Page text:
would be different because the man who had emboldened white supremacists and advocated for the hatred of different groups was now leading more than 300 million people. Since taking his seat as president, Trump has been steadily unraveling nearly everything set in place by his predecessor. His takeover of American politics came as a surprise to those who said he couldn't win the presidency. The ongoing list includes the court-blocked Muslim travel ban, failed efforts at repealing and replacing the Affordable Care Act, and federal judges blocking efforts to ban transgender troops from serving in the military. The projected end of Deferred Action for Childhood Arrivals and the recently-announced end of Temporary Protected Status that enables Nicaraguan immigrants to reside in the United States are among the brash decisions made during the Trump Administration that leave the

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residential status of some Americans hanging in the balances. As president, Trump is not productive. Each effort to completely overhaul something from the Obama presidency has been met with blockage by the glory of checks and balances. Nearly every campaign promise and potentially country-altering decision Trump has willed for his presidency has been blocked – whether it be by federal judges, Congress or the Senate. At every turn, Trump’s efforts at bigotry and xenophobia have been met with activism and the loud voices of government officials and constituents everywhere. Trump is making efforts to alter the way that Americans understand things, like freedom of speech and trusting the free press. He has turned the phrase “fake news” into a household utterance and consistently finds ways to discourage trusting news sources committed to exposing his true nature – bigoted,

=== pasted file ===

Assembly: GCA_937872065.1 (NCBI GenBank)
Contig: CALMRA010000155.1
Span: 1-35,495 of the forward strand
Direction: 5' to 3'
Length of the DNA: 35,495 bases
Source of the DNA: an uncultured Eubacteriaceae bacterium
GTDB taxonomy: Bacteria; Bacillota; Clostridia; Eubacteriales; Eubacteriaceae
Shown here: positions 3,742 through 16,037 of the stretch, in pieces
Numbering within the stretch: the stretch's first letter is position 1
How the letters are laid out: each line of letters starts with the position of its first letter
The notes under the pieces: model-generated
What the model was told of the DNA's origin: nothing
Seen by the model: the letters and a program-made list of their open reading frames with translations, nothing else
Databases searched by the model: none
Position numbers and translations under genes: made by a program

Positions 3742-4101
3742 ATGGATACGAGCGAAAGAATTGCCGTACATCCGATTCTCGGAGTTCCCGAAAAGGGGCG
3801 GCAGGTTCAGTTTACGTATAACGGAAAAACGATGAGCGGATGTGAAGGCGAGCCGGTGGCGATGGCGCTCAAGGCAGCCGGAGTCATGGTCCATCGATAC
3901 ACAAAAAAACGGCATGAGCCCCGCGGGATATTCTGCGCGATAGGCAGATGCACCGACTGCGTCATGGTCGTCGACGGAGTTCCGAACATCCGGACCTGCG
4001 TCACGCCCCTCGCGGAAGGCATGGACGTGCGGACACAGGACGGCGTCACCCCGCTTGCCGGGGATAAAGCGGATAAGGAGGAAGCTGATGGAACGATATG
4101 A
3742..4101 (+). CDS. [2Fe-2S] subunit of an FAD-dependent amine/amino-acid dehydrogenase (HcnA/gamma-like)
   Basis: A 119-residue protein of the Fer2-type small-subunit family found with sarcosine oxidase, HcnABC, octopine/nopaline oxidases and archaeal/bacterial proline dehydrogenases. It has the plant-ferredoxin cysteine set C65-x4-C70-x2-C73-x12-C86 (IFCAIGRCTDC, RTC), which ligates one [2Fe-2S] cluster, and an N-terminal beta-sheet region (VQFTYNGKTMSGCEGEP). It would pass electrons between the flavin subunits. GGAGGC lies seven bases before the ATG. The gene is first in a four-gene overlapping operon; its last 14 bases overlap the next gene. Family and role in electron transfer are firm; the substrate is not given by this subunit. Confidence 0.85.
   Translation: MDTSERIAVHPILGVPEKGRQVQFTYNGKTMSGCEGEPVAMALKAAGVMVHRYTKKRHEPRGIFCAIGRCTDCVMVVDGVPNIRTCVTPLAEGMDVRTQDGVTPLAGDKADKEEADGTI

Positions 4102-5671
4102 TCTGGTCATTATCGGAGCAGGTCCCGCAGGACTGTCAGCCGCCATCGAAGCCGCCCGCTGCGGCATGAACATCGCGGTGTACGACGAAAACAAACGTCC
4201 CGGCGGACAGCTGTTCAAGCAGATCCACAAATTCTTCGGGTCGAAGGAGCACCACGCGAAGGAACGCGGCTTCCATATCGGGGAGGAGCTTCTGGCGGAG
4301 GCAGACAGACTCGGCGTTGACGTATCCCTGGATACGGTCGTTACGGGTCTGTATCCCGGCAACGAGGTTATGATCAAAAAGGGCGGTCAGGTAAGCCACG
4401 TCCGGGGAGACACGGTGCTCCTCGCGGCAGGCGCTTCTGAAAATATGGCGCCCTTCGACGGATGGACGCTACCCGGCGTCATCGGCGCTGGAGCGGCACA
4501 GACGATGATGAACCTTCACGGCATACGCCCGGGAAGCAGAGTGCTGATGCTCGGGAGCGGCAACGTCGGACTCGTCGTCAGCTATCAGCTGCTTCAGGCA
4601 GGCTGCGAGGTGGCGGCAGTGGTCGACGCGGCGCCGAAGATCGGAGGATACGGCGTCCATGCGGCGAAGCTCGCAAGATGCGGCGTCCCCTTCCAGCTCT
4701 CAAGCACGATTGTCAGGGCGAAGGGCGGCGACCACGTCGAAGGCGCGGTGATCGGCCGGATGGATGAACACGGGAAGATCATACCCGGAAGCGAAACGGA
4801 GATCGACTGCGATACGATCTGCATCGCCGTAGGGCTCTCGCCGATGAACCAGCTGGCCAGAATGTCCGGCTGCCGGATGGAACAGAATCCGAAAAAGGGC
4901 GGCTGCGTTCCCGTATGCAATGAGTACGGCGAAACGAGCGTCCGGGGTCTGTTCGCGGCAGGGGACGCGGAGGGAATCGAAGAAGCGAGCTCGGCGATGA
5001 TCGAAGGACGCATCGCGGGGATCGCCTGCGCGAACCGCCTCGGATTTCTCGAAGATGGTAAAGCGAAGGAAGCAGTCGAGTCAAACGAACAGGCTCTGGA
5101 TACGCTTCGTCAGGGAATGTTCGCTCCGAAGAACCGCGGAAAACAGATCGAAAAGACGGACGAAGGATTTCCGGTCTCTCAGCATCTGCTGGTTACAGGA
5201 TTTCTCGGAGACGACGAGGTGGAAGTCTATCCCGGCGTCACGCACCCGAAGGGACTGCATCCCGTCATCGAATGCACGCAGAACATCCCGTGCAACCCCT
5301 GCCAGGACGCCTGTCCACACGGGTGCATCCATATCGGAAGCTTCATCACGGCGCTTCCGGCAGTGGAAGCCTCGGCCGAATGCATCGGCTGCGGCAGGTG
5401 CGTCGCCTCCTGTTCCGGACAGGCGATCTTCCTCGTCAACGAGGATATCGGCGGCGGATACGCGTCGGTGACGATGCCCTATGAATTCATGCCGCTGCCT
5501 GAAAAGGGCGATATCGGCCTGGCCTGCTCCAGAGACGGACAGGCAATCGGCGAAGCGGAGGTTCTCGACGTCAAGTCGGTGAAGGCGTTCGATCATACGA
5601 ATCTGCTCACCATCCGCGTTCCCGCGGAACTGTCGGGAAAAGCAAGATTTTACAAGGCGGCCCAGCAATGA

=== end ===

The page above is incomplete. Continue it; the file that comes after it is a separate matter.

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inexperienced, self-serving and a liar. Because of this, few substantial policies have been accomplished in nearly one year of presidency. Rather than for productivity, Trump has consistently used social media as a means to inform news outlets about what he believes is right for our country. As long as Twitter exists, Americans may never be able to escape Trump’s empty shouts about fairness he thinks he deserves and the improvements he wants to make for the country which, in fact, typically influence hate and bigotry among his supporters. While racists, sexists and homophobes are more empowered than ever, so are those fighting against Trump’s constant efforts to create injustice. We can not continue to kid ourselves. There is no easy solution to ending the Trump administration. But nevertheless, the administration needs to be challenged while it holds office.

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By using Twitter to isolate himself and the few people he trusts, Trump continues to wage war with both reason and facts. It’s our job to continue working against this hate machine. We must chart a new way forward. But that new path cannot include Hillary Clinton or those complicit in Trump’s win. This new path must strive to be more inclusive and aware of Trump’s fear and hate-mongering tactics. Every day, voters of tomorrow view the same news Trump denounces. We must continue to hold journalists accountable for producing factual news, and support them when they are holding government officials like Trump accountable – even if he does not like it. Our best hope for moving forward is a direction of revolution, embracing honest efforts to improving the lives of others. COMMENT: The Collegian is a forum for student expression.